IHA Daily Briefing: Nov. 7

Election Results Recap
ACA Decreased ED Uninsured Patient Visits in IL
Study: Excluding Pre-Existing Conditions Costly

Election Results Recap
While the national media debates whether a “Blue Wave” occurred last night, there is no doubt about its impact in Illinois. Democrats won every statewide constitutional office and two additional Congressional seats. Illinois voters gave Democrats a veto-proof supermajority in the Illinois House (72-45, with one race still too close to call) and expanded the supermajority for Democrats in the Senate (39-18, with one race still too close to call).

Democrats will hold all statewide constitutional offices for the first time since 2010. Democrat J.B. Pritzker defeated Republican Gov. Bruce Rauner by more than 14 points, the worst defeat of an incumbent governor in Illinois in 70 years. In other statewide races, State Senator Kwame Raoul of Chicago defeated Erika Harold of Champaign County in the open race for Attorney General, and Susana Mendoza won re-election for Comptroller over Darlene Senger. Incumbents Secretary of State Jesse White and State Treasurer Mike Frerichs also won their races.

In races for Congress, Republicans maintained and expanded their majority control in the Senate (52-43-2, with three races yet to be decided), while Democrats took back control of the House (222-199, with 14 races still open) for the first time since 2010.

Political observers closely watched four contested races in Illinois congressional districts now held by Republicans. Democrats Sean Casten and Lauren Underwood defeated incumbent Congressmen Peter Roskam and Randy Hultgren respectively in the northeastern collar counties. Congressman Rodney Davis escaped with a victory over Democratic challenger Betsy Dirksen Londrigan in Central Illinois, and Congressman Mike Bost defeated his Democratic challenger Brendan Kelly in Southern Illinois. Democrats will hold a 13-5 edge in the Illinois congressional delegation.

The trends at the top of the ticket also worked to the advantage for Democrats down the ballot in Illinois.  A few highlights include:

  • State Republican Party Chairman Tim Schneider was defeated in his re-election for Cook County Commissioner by Kevin Morrison. Republican Commissioner Greg Goslin was defeated by Scott Britton. There are now just two Republicans on the Cook County Board;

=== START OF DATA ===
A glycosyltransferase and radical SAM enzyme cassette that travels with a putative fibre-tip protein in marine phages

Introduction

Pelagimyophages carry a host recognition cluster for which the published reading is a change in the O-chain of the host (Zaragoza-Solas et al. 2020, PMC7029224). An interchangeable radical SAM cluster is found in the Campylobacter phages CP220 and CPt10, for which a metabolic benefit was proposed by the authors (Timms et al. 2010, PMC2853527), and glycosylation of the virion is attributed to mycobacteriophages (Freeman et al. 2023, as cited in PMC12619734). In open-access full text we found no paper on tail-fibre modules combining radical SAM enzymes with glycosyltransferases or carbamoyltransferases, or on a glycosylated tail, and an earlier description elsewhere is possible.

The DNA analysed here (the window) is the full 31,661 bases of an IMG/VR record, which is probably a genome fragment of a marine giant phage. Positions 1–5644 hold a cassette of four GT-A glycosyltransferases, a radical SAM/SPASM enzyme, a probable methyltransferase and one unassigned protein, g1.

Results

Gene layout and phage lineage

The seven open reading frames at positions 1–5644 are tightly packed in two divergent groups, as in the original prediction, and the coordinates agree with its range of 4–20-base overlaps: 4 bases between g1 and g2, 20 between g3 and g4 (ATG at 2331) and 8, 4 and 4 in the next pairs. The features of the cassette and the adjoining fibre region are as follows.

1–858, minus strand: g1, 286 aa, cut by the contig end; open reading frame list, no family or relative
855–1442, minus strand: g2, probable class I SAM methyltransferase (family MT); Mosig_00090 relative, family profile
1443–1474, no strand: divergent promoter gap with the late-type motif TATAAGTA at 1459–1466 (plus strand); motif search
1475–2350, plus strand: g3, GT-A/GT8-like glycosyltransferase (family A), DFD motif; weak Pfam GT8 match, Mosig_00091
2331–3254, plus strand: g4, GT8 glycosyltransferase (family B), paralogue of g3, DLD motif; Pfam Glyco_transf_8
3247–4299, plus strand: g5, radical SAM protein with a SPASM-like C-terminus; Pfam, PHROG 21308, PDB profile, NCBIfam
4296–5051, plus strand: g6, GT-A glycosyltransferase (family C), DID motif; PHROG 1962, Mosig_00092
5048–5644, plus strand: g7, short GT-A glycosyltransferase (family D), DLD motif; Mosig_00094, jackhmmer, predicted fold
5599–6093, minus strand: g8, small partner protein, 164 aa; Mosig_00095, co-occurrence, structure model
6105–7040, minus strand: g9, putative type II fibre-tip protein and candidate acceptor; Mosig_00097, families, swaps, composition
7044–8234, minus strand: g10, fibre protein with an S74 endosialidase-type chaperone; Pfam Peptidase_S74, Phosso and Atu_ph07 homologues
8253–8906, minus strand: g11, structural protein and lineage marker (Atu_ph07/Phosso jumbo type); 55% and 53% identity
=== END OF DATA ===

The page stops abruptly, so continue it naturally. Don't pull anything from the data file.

• While DuPage County Board Chairman Dan Cronin was elected to his third term, Democrats picked up two county board seats and elected Jean Kaczmarek as County Clerk;
  • Democrats picked up seats in the County Boards in Lake and Kane, and took control of the County Board in Will; and
  • Democrats swept countywide races in Champaign County.

See IHA’s summary memo for more details about last night’s election results.


ACA Decreased ED Uninsured Patient Visits in IL
A study on the impact of the Affordable Care Act (ACA) and emergency department (ED) visits by uninsured patients in Illinois showed a reduction in visits between 2009 and 2015. Using Healthcare Cost and Utilization Project data, researchers determined that there were more than 31 million emergency department visits in Illinois from 2009-2015, with 4.1 million visits by uninsured patients. When comparing pre-ACA with post-ACA data, researchers found that there was a 40 percent reduction in uninsured patient visits to the emergency department.

The authors concluded that while the ACA and Medicaid expansion in Illinois contributed to the decline in uncompensated care in emergency department visits, more studies are needed to quantify the overall effects of the ACA related to health disparities, regional trends, etc.

The study was presented last week at a national conference. The abstract can be found on page 39.


Study: Excluding Pre-Existing Conditions Costly
A Commonwealth Fund study released this month found that if insurance companies were allowed to exclude pre-existing conditions from health insurance coverage it could cost consumers with asthma, arthritis, cancer, diabetes, and high blood pressure thousands of dollars in increased out-of-pocket costs.

Coverage for pre-existing health conditions, which is guaranteed under the Affordable Care Act (ACA), is currently threatened by the Texas v. Azar lawsuit. If successful, the suit would invalidate the ACA along with its requirement that insurers cover preexisting conditions. A Republican-backed Senate bill, the Ensuring Coverage for Patients with Pre-Existing Conditions Act, seeks to ensure that people with pre-existing conditions could still buy health insurance coverage, but, unlike the ACA, the bill does not require that health plans cover treatment for these conditions.

In the new report, How Would Americans’ Out-of-Pocket Costs Change If Insurance Plans Were Allowed to Exclude Coverage for Preexisting Conditions?, the authors detailed how consumers would fare under the proposed legislation compared to current coverage under the ACA. The authors found that:

  • The average annual out-of-pocket spending for consumers is projected to increase by $260 for high blood pressure, $370 for asthma,$450 for arthritis,$2,370 for cancer, and $2,520 for diabetes. People with cancer or diabetes could see their out-of-pocket spending triple; and
  • People with the most severe illnesses of each type would face the biggest out-of-pocket spending increases. For the10 percent of people with the highest costs, annual out-of-pocket spending would exceed $4,900 for cancer patients and $9,200 for diabetes patients.